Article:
I missed the first half of the football between Wolves and Sevilla and again the underdog lost 1-0, this time in the 87th minute. They missed a penalty in the first half. There’s something about the established giant teams that takes them over the line and whatever that is it makes all the difference. There’s something similar that happens in music, those that get there and those that don’t, what’s the difference? It’s not just talent and skills, it’s not just image and the act. It seems that in music, luck and timing can make the difference and even though those elements exist in football too, they might only take you through one game, in music, one break might give you traction for years.
Music today had to continue in the direction of “the other Dave Stewart” because I like the journey so much. The continuation was inspired by the arrival of a vinyl reissue of Egg’s The Polite Force from Sweden, but before I get to the other Hatfield and the North albums I have (The Rotters Club and Afters) I felt like listening to his next project first. After he left Hatfield and the North he formed National Health with another keyboardist, Alan Gowen from Gilgamesh, that also included Hatfield and the North and Matching Mole guitarist Phil Miller. Initially, Bill Bruford played drums but Pip Pyle joined for the debut album. Thus, three Hatfield and the North members were back together in a band with a different name. Neil Murray joined on bass (Whitesnake anybody?) and Amanda Parsons sang the wordless vocals. They released their debut album of progressive instrumentals in the heart of the Punk Rock craze in 1977. It’s so good because they simply ignore the world around them continuing with their own special vision of what music is, exploratory, experimental, structured, erudite, eccentric, skilled, passionate, fashion-free nerdom.
The second album Of Queues And Cures (1978) replaces Neil Murray with Henry Cow legend John Greaves, Gowen is gone but there’s an array of guests. Musically it’s more of the same, instrumental jazzy, progressive, like an explorer meandering around a jungle and discovering exotic plants in the undergrowth. All the Progressive bands from the seventies do something that neo-prog just can’t do and I don’t know why. I think I blame technology and terrible lyricists, not like that’s an issue here, although one track has some vocals but the print on the CD is so small, I can’t read it.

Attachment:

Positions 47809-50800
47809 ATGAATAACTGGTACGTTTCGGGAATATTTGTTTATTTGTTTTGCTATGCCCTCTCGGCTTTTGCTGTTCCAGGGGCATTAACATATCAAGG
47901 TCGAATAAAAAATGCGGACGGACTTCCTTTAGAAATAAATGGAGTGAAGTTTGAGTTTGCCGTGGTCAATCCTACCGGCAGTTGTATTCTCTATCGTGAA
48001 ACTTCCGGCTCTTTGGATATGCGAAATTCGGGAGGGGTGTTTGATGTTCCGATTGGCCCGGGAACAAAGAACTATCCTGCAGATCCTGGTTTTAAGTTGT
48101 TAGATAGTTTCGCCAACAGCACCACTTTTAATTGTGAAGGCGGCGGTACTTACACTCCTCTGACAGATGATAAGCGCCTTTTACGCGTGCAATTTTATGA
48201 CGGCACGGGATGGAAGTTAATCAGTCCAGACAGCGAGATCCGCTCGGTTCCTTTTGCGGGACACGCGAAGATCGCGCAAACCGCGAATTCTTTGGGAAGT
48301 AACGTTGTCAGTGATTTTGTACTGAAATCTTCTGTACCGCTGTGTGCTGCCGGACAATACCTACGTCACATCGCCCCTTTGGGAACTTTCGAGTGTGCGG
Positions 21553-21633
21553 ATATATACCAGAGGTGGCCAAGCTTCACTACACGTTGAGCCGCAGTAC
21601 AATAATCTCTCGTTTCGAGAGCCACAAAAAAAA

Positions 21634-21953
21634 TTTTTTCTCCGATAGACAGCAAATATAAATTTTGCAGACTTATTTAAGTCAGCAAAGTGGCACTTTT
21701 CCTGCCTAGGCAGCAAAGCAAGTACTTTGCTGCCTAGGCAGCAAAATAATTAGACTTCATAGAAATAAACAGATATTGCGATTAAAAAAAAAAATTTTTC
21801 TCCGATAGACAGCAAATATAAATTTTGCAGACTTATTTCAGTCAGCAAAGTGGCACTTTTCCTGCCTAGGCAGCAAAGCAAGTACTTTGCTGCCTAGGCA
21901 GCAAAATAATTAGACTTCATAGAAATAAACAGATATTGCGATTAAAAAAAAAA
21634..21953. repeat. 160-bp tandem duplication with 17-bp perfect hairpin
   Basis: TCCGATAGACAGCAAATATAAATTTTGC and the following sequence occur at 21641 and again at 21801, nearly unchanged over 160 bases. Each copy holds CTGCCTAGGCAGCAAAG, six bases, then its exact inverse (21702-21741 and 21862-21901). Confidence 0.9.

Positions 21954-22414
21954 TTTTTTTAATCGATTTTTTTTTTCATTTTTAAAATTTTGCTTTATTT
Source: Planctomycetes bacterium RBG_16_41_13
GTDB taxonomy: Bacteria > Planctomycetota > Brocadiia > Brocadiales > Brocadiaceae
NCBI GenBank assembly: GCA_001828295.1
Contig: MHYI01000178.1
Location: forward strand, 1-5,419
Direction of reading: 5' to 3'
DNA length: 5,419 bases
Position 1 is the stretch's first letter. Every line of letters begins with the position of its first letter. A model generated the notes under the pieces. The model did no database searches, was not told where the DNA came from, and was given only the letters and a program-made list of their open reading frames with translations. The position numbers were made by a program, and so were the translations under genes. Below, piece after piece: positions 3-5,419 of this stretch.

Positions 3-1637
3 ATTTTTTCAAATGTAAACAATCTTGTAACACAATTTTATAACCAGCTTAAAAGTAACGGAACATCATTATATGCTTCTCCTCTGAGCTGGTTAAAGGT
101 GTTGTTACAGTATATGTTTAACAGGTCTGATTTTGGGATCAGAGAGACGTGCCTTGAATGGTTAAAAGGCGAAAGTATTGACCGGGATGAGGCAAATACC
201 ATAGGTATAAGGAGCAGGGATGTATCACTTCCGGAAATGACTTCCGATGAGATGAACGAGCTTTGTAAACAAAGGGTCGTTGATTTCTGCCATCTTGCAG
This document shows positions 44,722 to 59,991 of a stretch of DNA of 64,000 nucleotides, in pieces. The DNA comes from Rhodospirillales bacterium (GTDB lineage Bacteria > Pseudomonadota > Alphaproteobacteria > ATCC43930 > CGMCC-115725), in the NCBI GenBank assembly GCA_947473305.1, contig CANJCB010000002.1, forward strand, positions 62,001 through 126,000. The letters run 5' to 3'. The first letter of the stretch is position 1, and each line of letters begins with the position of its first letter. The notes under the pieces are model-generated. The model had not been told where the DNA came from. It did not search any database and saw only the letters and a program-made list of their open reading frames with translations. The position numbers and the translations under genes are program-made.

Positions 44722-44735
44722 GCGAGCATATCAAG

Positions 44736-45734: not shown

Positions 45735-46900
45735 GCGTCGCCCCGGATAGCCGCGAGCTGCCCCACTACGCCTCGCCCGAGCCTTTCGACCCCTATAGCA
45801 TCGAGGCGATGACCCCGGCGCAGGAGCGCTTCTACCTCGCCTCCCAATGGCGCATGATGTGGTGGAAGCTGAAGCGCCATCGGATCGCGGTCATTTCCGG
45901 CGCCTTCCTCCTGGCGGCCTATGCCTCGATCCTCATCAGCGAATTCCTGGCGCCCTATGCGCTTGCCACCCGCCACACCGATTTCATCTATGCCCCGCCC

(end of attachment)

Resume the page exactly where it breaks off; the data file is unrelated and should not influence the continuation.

Playtime, released in 2001, is live recordings from 1979. I just love how they continued on ignoring the musical climate but Stewart had gone complaining of the freer elements of the band instead favouring a more structured version. But then Alan Gowen returned and this new incarnation of the band with Greaves, Miller, Pyle and Gowen committed to European and then American shows. The first half of this album is recorded on April 27th at L’ouest De La Grosne, Bresse-Sur-Grosne, France and includes French guitarist Alain Eckert, the other half was recorded at The Main Point, Bryn Mawr, Pennsylvania in the USA on December 1st 1979 as a four-piece. It’s different without Stewart in the band, a different approach to the keys, but it’s the same madness that had them deliver this kind of thing in that period of time.
The last album D.S. al Coda (1982) is in tribute to Alan Gowen with the original band exclusively performing Gowen’s material. Some tracks had been recorded with Gilgamesh, others played with National Health and others rehearsed but unheard by the public. Gowen died on May 17th 1981 of leukaemia. He was just 34 years old.
Song Of The Day – National Health, “The Collapso” on The Old Grey Whistle Test 1979 from their then current album Of Queues And Cures. Phil Miller (guitar), Dave Stewart (keyboards), John Greaves (bass) and Pip Pyle (drums). The real rebellion by the real Punks.